Jefferson encouraged familial bonds among slaves and many African-American families at Monticello remained intact. Although marriage between slaves was illegal in Virginia, lasting unions between husband and wife were the norm on the plantation. But freedom was a long time coming for the blacksmiths, spinners, weavers, tinsmiths, sawyers, carpenters, charcoal burners and stablemen.
The seeds of slavery began with the founding of Jamestown, Va., in 1607. By 1619, there were 20 slaves in the colony. By 1770, Colonial America had 412,000 slaves, who represented one-fifth of its population.
At Monticello, Jefferson kept careful records of what it cost to house, feed and care for the people who tended the more than 20 workshops, houses and storage buildings on Mulberry Row, a 1,300-foot-long section of road that encircles the mansion.
For example, some males between ages 10 and 16 worked in the nailery and swung hammers over a hot forge, producing 8 to 10 pounds of nails daily. Jefferson calculated that Isaac Granger, who later gained his freedom and added the surname of Jefferson, was the most efficient because he used the least amount of nailrod to produce the highest yield -- 507 nails between Jan. 1 and March 31, 1796.
The exhibition briefly addresses Sally Hemings, who was 14 when she traveled to Paris as a lady's maid in 1787. Word of Jefferson's longstanding relationship with Hemings was first published in a newspaper in 1802. After reviewing historical records, oral histories and DNA tests, the Thomas Jefferson Foundation issued a report in 2000 saying that Jefferson was the likely father of six of Hemings' children, two of whom did not live to adulthood. The four children who survived were Harriet Hemings, William Beverly Hemings, James Madison Hemings and Thomas Eston Hemings.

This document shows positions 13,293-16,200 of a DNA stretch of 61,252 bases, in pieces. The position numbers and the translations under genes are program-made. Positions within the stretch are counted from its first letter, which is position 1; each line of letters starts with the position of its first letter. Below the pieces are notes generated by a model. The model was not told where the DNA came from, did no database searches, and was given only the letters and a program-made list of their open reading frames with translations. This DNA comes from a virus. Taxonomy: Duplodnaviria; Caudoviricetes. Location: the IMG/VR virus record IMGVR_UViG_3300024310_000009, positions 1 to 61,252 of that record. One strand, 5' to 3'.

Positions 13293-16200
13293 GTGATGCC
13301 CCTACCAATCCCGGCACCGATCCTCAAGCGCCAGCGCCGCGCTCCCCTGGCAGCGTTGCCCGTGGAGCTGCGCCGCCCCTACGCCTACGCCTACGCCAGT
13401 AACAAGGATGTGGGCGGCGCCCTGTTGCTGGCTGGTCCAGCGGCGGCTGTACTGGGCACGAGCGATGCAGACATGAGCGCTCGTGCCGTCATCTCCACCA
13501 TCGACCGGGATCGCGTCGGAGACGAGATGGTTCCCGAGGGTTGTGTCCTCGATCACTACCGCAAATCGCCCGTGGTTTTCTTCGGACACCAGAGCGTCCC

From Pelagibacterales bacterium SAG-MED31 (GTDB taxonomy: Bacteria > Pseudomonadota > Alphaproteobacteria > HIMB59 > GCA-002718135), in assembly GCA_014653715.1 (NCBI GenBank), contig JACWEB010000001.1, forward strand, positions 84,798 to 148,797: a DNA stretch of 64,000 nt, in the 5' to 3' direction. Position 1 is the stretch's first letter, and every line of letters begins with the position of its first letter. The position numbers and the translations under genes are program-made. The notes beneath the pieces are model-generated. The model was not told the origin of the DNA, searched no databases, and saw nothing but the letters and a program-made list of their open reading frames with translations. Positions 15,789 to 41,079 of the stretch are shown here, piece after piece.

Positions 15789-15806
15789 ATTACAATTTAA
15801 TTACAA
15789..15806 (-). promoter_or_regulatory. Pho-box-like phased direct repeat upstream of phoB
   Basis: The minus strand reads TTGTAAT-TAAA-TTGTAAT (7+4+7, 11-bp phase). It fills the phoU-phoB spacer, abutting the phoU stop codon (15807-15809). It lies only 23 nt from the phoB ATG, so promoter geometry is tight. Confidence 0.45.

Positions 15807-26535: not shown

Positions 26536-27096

The Hemings family played a major role at Monticello, but of equal interest is a project called "Getting Word," an initiative begun in 1993 by Lucia "Cinder" Stanton to find and interview 200 descendants of the plantation's slaves. The photographs and synopses of these people's lives show repeatedly that strong family bonds endured despite the separations forced by the buying and selling of human beings.
Among the descendants were the Rev. Peter Fossett, whose father, Joseph, was a Monticello blacksmith and father of 10 children. Peter Fossett became a caterer, founded the First Baptist Church in Cumminsville, Ohio, in 1870, and led many slaves to freedom on the Underground Railroad.
In 1898, while Fossett recalled his life at Monticello, he said, "I resolved to get free or die in the attempt." It took 20 years but ultimately, free members of the Fossett family bought Peter's freedom.
"He finally got back to his family. That says something to me about the concept of family by this enslaved community," said Rex Ellis, associate director for curatorial affairs at the National Museum of African American History and Culture.
Another Fossett family descendant was the Boston newspaper editor and civil rights activist William Monroe Trotter, who, with W.E.B. DuBois, founded the Niagara Movement, which became the National Association for the Advancement of Colored People in 1909.
Virginia Craft Rose, a descendant of Mr. Trotter, told Ms. Stanton, "We couldn't forget slavery, but we could overcome it. That was the theme of our family."
First Published June 17, 2012 12:00 am